Ubiquitous computing has the potential to enhance everyday experiences and make them unique. This project at university challenged me to design and prototype a way in which ubiquitous data can be harnessed for meaningful purpose. This was a group challenge which involved working with one other person (my good friend Jack Doonan), and we decided on collecting physiological data.
Our discussions led to a conversation about whether emotional responses in video games could be measured. We decided to investigate effects of heart rate, and controller pressure.
We used an API from thingspeak and Arduino processing IDE to set our application up and recorded live heart pulses using console tools.
The games we chose were from two categories: Single player horror, and multiplayer competitive. As an additional research point we wanted to find which of these two genres invoked a greater physiological response.
Arduino MKR1000 and heart monitor
The pressure sensor was a bit of a headache as it wasn’t sensitive enough to detect small changes in pressure. We tried to lower the PSI measurements by using a bigger resistor in our breadboard but the data was far too inconsistent to be used in the experiment.
Manual header soldering
The soldering job was successful, but we had a close call with the last pin when a big glob of solder fell onto the pin (in the picture its the pin at the top). It was my first time soldering circuit boards, but luckily the connection was fine and did not cross.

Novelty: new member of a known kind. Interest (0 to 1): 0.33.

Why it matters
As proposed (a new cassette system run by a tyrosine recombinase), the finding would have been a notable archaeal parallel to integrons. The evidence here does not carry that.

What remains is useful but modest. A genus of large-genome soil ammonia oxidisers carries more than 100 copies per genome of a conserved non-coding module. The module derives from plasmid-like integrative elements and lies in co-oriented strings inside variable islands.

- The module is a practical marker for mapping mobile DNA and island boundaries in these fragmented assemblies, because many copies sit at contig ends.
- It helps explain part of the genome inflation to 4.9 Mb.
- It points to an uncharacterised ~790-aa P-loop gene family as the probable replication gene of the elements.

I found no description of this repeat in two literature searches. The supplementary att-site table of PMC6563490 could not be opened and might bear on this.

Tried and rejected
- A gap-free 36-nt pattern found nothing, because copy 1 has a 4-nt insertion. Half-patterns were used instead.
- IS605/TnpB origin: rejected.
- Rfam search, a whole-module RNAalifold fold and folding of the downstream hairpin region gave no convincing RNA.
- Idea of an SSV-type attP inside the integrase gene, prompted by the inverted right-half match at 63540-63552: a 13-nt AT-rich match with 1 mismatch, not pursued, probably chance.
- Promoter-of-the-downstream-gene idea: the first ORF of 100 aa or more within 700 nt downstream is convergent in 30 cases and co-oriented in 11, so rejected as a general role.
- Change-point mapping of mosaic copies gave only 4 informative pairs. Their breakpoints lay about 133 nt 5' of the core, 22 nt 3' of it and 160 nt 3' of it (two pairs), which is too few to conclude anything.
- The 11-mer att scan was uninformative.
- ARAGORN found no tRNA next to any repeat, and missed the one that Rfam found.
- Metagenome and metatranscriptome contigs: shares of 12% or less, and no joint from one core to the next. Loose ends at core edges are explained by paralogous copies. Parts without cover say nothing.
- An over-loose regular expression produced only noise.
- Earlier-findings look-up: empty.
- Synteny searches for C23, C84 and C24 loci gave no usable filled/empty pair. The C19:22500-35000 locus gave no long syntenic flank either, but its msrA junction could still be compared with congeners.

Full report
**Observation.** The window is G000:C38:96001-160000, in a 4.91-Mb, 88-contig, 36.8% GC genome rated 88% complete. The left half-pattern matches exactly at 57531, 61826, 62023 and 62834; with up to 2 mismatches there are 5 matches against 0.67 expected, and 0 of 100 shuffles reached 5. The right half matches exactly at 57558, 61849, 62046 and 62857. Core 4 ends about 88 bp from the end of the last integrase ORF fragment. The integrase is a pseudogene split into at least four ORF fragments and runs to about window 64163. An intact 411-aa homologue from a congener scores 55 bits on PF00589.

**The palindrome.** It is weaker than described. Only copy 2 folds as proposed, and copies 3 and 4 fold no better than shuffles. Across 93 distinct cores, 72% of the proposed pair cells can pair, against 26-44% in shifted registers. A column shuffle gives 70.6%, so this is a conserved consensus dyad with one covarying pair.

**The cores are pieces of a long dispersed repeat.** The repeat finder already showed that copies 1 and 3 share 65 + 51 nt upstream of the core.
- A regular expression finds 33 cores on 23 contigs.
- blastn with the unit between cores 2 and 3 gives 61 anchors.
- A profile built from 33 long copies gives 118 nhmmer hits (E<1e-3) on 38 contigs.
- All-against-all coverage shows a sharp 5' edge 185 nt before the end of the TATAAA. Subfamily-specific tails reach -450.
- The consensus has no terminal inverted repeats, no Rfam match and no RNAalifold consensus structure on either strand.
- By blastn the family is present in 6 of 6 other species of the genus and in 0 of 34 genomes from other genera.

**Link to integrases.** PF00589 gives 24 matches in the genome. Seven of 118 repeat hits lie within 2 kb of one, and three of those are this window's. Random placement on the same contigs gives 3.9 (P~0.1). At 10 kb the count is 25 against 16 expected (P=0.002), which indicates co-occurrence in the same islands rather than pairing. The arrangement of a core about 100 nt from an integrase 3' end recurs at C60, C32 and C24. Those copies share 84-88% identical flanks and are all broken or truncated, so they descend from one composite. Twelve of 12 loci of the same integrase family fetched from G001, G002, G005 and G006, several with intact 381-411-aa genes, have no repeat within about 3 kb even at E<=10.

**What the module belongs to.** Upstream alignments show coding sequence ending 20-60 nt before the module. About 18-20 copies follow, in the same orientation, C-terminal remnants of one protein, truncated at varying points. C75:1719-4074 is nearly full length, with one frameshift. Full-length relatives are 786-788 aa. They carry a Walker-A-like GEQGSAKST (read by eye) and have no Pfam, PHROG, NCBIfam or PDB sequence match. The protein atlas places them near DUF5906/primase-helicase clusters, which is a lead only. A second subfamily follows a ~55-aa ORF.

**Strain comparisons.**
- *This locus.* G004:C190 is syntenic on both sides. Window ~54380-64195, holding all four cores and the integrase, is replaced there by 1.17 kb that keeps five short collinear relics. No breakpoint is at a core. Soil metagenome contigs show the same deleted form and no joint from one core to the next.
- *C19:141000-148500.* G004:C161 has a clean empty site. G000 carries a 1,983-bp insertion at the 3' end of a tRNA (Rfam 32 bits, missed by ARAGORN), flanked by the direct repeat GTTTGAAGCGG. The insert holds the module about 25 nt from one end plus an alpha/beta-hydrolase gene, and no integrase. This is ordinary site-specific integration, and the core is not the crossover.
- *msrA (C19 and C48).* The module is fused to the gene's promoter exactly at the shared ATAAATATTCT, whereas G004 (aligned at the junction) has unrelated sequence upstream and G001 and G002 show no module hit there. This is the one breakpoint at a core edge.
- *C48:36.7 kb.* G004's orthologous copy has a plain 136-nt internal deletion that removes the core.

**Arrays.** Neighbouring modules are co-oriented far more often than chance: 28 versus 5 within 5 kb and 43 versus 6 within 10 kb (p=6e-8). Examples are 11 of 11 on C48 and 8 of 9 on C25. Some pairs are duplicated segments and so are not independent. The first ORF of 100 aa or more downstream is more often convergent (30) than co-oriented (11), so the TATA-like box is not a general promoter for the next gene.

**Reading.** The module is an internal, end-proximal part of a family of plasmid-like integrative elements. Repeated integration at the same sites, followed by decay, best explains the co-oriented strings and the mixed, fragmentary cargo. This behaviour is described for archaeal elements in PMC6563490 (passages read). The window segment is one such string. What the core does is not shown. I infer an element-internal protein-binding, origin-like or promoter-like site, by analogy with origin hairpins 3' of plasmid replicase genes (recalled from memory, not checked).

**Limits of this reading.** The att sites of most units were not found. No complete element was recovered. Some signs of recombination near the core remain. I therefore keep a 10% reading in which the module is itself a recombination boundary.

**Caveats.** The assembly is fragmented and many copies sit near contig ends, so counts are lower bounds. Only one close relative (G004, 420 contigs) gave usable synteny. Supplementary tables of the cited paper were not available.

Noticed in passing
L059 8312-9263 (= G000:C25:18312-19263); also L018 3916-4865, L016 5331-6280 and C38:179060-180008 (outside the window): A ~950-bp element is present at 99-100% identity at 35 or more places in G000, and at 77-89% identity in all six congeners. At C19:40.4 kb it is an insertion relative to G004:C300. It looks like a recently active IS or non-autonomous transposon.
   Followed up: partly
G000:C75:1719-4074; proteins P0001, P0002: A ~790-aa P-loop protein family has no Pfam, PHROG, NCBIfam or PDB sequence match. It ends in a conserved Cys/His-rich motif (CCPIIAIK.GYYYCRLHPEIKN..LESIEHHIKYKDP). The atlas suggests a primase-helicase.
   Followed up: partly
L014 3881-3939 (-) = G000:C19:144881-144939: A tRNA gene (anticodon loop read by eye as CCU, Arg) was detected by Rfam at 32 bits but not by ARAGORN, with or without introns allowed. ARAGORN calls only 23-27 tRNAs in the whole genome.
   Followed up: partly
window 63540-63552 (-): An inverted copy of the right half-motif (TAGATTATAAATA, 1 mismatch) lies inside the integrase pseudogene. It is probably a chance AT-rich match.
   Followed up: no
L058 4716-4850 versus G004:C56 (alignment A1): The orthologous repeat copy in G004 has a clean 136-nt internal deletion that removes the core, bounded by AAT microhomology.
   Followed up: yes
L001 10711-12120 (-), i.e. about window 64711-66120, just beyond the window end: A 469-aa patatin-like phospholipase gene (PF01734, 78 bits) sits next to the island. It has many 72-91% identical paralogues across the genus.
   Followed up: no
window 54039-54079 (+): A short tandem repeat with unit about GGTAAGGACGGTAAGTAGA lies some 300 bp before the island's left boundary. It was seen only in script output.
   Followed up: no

Even without the pressure sensor data our results were very conclusive. Competitive Multiplayer games proved to invoke greater mean BPM across the session. Single player horror games had extreme spikes in BPM rates, however the mean was much lower.
The difference in BPM was very noticeable in the horror games. In post we found that muscle movements generate the same frequency of noise as the heart. Hence the BPM during jumpscare moments is somewhat distorted, during moments of extreme movements.
Our final report considered how this data could be useful. Within the games industry visual/audio feedback could be given based on instantaneous physiological responses to what is already shown.